BRYAN, Texas — According to a local advocate, the number of students homeschooling in the Brazos Valley has at least doubled since the pandemic subsided.
This is on par with national trends, where there’s been a 51 percent increase in homeschooling since 2021 compared to 2017-2018.
- Home learning during the pandemic was an introduction to homeschooling for many parents, who decided to keep trying it after schools opened back up.
- Parents say they love the freedom and flexibility that comes with homeschooling their kids.
- Local homeschooling advocates say they’ve seen a drastic increase in their community since the pandemic.
Every Wednesday at Legends Event Center, a group of kids get together not only to play basketball or play in the arcade — they’re here to learn.
Lamar Ontko is an art teacher at the Community Homeschool Center in Bryan.
She has been an art teacher for 10 years and has been homeschooling all of her five children, but they’ve also experienced public school.
“After COVID is when we made the decision to pull them back home again,” Ontko said.
The main reason for her family was sports.
“After COVID, there was a lot of uncertainty about what was going to happen, whether sports were going to happen, but the homeschool community was for sure that they were going to be starting,” Ontko said.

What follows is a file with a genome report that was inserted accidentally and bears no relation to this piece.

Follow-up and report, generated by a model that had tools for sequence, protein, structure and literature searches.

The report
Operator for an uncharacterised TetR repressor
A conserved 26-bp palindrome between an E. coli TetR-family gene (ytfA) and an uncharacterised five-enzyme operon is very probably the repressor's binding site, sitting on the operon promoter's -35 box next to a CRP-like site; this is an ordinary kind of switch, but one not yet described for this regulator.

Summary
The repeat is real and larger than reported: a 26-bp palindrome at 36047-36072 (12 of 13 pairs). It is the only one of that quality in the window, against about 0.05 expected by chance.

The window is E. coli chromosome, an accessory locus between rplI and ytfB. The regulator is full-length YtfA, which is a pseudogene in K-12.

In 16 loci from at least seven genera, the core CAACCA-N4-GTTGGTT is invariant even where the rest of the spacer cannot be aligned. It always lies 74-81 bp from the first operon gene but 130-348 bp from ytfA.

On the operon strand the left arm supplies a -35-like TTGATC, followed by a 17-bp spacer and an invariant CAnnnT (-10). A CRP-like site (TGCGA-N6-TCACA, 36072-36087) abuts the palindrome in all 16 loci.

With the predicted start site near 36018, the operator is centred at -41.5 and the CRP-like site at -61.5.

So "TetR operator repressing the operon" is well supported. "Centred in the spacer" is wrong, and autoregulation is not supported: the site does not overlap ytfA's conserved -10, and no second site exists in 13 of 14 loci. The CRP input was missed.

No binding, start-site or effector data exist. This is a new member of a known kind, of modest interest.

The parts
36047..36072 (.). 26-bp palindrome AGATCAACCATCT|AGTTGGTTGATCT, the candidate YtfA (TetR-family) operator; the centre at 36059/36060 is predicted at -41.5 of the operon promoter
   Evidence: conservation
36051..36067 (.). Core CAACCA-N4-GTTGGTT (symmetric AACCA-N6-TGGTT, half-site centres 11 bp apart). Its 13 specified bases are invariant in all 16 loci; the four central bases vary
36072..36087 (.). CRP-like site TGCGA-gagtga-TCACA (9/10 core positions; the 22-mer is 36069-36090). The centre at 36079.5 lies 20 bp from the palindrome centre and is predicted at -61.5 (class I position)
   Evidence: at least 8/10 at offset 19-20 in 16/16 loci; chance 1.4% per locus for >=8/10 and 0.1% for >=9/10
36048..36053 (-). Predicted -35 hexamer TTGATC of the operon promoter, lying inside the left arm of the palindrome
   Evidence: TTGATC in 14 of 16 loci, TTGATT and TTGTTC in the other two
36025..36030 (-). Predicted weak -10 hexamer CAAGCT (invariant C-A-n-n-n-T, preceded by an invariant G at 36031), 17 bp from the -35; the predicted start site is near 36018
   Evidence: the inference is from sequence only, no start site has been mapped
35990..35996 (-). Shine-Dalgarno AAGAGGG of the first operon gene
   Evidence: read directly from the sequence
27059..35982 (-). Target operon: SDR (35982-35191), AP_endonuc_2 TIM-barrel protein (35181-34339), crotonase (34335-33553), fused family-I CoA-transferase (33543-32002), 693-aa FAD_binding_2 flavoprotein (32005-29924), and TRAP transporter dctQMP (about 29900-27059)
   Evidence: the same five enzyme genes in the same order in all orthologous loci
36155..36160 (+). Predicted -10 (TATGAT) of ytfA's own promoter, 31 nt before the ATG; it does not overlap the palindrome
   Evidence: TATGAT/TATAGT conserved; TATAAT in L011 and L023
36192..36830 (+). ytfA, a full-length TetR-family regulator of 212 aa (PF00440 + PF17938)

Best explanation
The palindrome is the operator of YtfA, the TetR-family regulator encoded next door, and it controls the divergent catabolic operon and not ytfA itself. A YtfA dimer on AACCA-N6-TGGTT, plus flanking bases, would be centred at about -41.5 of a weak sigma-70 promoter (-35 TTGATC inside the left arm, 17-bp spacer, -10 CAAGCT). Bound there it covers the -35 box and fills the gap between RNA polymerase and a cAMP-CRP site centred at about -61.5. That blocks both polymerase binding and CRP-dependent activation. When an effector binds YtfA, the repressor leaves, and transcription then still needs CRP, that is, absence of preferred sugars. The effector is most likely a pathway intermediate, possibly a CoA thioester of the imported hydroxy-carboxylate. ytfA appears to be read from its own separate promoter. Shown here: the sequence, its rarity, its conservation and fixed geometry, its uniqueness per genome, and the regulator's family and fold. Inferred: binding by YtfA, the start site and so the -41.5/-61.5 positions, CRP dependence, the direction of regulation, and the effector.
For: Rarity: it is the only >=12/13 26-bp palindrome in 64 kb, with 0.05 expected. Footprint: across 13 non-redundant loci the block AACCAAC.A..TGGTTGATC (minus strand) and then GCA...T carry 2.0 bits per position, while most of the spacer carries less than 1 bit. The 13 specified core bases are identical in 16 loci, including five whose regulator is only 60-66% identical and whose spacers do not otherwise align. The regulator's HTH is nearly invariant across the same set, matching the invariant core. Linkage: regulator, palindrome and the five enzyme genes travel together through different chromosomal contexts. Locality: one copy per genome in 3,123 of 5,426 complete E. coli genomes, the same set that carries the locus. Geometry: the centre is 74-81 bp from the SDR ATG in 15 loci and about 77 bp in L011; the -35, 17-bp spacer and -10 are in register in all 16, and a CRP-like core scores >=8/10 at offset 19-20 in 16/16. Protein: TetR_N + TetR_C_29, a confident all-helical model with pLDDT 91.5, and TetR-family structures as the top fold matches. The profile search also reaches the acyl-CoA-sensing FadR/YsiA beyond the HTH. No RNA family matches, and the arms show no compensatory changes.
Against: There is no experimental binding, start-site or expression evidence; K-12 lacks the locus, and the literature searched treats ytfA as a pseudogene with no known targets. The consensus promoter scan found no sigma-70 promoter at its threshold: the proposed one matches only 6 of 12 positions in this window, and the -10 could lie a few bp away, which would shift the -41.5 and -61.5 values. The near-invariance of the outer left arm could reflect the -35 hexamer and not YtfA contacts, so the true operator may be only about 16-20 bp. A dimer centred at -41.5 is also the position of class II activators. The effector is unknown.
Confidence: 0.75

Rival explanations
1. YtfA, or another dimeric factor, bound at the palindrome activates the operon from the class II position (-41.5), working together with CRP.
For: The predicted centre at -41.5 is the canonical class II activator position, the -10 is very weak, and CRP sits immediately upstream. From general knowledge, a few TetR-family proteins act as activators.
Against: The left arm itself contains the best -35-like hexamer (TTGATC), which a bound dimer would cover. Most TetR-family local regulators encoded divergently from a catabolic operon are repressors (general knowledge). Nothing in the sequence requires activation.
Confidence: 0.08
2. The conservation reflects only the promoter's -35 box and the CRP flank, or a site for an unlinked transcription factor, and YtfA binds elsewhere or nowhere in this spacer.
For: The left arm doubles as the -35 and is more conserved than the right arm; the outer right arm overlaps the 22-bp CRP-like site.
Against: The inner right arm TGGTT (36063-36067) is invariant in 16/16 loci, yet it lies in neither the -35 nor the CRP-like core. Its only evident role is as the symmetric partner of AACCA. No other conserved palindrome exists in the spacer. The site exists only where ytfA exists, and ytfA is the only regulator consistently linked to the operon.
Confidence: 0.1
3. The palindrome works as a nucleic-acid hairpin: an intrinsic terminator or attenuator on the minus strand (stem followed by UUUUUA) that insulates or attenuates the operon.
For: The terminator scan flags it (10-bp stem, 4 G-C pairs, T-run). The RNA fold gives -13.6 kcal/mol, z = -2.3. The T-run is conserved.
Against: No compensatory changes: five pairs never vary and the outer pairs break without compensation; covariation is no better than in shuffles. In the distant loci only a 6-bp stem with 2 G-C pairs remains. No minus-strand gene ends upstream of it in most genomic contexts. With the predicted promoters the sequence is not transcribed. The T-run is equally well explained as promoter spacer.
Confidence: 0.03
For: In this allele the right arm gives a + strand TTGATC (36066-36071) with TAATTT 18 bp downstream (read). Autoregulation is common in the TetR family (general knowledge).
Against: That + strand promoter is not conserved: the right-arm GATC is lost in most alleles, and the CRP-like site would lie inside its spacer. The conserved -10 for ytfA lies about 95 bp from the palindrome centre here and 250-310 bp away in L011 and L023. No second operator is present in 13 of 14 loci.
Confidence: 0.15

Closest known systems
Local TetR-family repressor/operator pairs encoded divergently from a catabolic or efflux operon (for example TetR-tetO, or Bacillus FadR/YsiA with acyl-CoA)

Her family is one of thousands across the country deciding to try homeschooling after the pandemic.
A Washington Post analysis finds the number of kids being homeschooled increased by 51 percent after the pandemic, compared to 2017-2018 — and the Brazos Valley is no different.
“In the past two to three years, we’ve at least doubled,” said the founder of the Community Homeschool Center, Suzanne Gose.
She says the change before and after the pandemic is noticeable.
“We had a whole bunch of people that went, ‘Well, I do like being around my kid a lot more than I thought I did — I really enjoy watching them learn and I think I might be able to do this on my own’,” Gose said.
Gose says that for many parents, it provides the freedom they want to customize their child’s education.
“My daughter who’s a senior this year,” Ontko said.
“We were able to sit down and look at and customize all of her classes, so that when she graduates this year, she should have almost 30 hours of college credit.”
But the homeschooling life isn’t for everyone.
When asked if she thinks the movement will continue to grow, Gose said, “I think so — I think they’re we’re gonna reach a peak at some point where people realize, ‘Oh, this is not for everybody,’ — but also the private school models and things like community homeschool centers, things like that will step in to help fill the gap.”
“In general, I think so, but not forever and ever — I don’t think the public school has anything to worry about.”